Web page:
Pediatrics & Health Research Open Access

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Prevalence, Trend, Determinants and Prediction of Autism Spectrum Disorders among Dubai Population, Diagnostic Approach and Management Contexts

Kadim Al-Abbady, Hamid Yahya Hessian and Mohamed Wasif Alaam

Background: Autism spectrum disorder (ASD) is becoming a major threat, large public health challenge and most common persistent developing disorder to a public health in Dubai. Most of the families are facing lifelong challenge because of the different nature of disorders like neurodevelopment disorder, which often results in an array of motor impairments. These motor impairments are the main cause of decrease performance of activities of routine life as well as in societal tasks which require specific motor abilities and skills.

Aim: To study the prevalence’s, determinants and prediction of Autism among Dubai population. To study some associated factors.

Methodology: Retrospective records review approach has been applied; qualitative methodology has been focus on the groups with mental health experts working at: Dubai Autism Centre (DAC), Al-Jalila hospital (AJH), Latifa hospital, Private Sector Healthcare (PSH), Dubai Rehabilitation Centre for Disabilities. Quantitative methodology is based on the, Prevalence, incidence. Prevalence, incidence is associated on international research (a systematic research review) as estimated as well, along with expert interviews have been applied as well.

Results: The study showed that 84.9% of the cases were males and 51.9% of the autism cases were females, 30.9% were UAE nationals and 69.1% were expatriate, about 72.4% were diagnosed as Autism spectrum disorders, 9.2% as ASD features and 9.2% were diagnosed as other disorders. Dubai Autism Centre estimates that autism is affected 1 in 146 births (0.68%). By applying these estimates to the total number of births in Dubai for 2014, it was predicted that approximately 199 children of which 58 (29.1%) were nationals and 141 (70.9%) were non– nationals suffering from autism at the same stage. Some of the families of about 16.4% of children searching help for ASD assessment between the age group 6–18+. Most of the families are not going to consult GPs for early diagnosis because of the number of reasons including cultural reasons. So, it became critical to understand late– stage diagnosis as ASD can be diagnosed much earlier and how many of these later presenters are diagnosed with ASD. The study reflected future prediction of the cases based on international standards prevalence and the population density as reflected by the figure which reflected the highest prevalence at the age intervals of 25-29 years, 30-34 years and 35-39 years respectively.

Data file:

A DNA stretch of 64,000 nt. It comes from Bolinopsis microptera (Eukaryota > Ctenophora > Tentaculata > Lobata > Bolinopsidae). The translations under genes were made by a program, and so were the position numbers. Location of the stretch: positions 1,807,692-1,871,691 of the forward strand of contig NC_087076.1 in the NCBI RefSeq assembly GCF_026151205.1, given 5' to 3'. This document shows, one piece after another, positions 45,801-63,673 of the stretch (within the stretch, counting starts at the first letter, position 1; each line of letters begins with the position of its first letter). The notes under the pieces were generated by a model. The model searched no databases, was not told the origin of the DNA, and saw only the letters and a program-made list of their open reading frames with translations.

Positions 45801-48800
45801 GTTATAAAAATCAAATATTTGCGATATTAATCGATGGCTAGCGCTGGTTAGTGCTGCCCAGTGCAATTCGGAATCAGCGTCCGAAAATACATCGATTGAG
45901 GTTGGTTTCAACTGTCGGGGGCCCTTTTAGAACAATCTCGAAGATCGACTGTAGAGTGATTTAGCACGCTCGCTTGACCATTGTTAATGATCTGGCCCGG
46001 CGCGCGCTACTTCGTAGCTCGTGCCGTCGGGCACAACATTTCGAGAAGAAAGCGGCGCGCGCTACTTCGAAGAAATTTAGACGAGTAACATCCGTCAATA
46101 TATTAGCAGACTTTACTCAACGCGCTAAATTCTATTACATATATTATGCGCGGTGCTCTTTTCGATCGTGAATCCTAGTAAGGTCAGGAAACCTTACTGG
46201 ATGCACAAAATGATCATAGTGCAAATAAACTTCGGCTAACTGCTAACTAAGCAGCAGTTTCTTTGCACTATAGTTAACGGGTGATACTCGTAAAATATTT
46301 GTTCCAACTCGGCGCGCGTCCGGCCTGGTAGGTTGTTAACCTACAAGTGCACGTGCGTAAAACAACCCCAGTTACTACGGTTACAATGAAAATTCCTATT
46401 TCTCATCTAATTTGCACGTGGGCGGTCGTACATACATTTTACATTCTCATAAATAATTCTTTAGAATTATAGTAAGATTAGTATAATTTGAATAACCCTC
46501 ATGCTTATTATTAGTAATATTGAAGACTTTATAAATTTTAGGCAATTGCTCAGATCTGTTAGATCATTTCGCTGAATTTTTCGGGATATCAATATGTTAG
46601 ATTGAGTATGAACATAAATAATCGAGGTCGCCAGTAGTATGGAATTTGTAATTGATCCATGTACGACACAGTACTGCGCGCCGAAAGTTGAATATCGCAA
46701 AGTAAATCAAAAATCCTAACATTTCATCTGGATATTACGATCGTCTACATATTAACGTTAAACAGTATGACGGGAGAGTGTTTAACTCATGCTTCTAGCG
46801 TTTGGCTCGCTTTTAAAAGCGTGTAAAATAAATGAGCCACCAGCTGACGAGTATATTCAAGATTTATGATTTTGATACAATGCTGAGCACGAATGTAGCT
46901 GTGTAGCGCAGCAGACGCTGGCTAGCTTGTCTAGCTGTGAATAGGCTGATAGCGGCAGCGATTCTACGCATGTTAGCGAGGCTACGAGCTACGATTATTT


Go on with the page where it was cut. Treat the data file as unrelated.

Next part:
Conclusion: Autism is still on-going challenging public health issue in Dubai, in terms of rising up prevalence, incidences, trends, cases sorting out and management context of autism is one of actual national health care system gaps. There is emergence need of the nurses who are qualified and have the experience to identify children with ASD which is required to implement in regular checkup of school health. Early diagnosis of Autism awareness is increased by giving training to GP’s. There is an urgent need of interdisciplinary innovative autism centre for adult when the children leave the safe environment of the school at 18 years. These needs are followed by further studies to cover take care of needed people with an Autism Spectrum Disorder (ASD).